John Burkhert

A printed circuit is an antenna for transmitting and receiving energy.

A raging fraternity party with thumping house music can be annoying as the morning hours approach. Noise suppression ordinances to the rescue! The partiers have two choices: quiet down or get shut down.

In that sense, the fraternity party is like building an electronic circuit. If our machines make too much “noise” in any part of the spectrum, it’s game over.

Just like kids can stop trampling everyone’s lawn and come inside, shut the doors, windows, shutters and even the fireplace flue, we can also contain unwanted spectral emissions. Left unchecked, a printed circuit is an antenna for transmitting and receiving energy from within and outside the board.

Even a well-designed PCB has compromises. Our goal is to be ready to react to spurious emissions that take us beyond the allowable threshold. We start with a power budget, and a noise floor, and our electronics must comply with those design criteria while meeting regulatory requirements.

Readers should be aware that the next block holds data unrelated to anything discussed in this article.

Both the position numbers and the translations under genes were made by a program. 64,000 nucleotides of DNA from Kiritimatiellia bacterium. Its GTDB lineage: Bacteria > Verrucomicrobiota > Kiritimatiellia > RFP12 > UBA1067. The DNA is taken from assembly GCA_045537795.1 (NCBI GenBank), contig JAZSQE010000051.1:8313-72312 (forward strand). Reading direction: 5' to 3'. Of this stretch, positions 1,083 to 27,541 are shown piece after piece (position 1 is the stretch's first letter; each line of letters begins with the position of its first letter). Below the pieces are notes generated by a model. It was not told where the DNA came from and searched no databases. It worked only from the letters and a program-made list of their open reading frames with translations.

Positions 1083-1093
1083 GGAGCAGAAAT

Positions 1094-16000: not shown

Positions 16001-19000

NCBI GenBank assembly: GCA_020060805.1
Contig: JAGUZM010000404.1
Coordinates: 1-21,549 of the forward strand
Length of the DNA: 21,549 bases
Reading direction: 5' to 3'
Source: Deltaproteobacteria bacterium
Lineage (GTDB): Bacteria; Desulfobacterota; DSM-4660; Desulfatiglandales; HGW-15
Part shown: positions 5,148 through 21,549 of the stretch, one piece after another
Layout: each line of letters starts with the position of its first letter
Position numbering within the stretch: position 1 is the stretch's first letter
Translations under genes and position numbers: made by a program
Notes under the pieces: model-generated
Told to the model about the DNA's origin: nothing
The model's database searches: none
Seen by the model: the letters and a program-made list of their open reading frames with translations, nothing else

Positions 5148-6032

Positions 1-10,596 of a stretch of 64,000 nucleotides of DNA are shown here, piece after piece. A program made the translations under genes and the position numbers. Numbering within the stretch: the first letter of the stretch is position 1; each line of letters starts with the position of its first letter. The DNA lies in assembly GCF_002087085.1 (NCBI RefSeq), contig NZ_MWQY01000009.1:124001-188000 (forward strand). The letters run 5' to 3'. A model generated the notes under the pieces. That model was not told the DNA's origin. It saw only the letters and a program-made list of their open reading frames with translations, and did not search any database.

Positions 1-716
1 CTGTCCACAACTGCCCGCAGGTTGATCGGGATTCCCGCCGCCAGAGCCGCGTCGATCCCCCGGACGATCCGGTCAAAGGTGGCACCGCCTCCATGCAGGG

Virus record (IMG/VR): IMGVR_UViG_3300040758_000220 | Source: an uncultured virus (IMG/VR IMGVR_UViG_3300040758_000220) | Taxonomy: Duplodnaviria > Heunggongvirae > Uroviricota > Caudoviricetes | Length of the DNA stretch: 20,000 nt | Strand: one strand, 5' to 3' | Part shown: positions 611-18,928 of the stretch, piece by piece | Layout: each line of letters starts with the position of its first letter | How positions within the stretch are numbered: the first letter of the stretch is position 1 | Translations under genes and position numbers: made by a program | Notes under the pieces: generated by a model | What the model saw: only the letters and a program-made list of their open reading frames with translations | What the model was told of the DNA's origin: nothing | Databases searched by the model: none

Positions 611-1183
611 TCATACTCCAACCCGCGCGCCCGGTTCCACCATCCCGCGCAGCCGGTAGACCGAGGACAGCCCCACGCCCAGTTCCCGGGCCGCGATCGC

As we bring different functions aboard, the problems in the near field multiply. We think of high-speed transmission lines as the focus of our EMI abatement efforts. They are seen as the cause of the problem, owing to their signal rise times or a harmonic of that momentary event.

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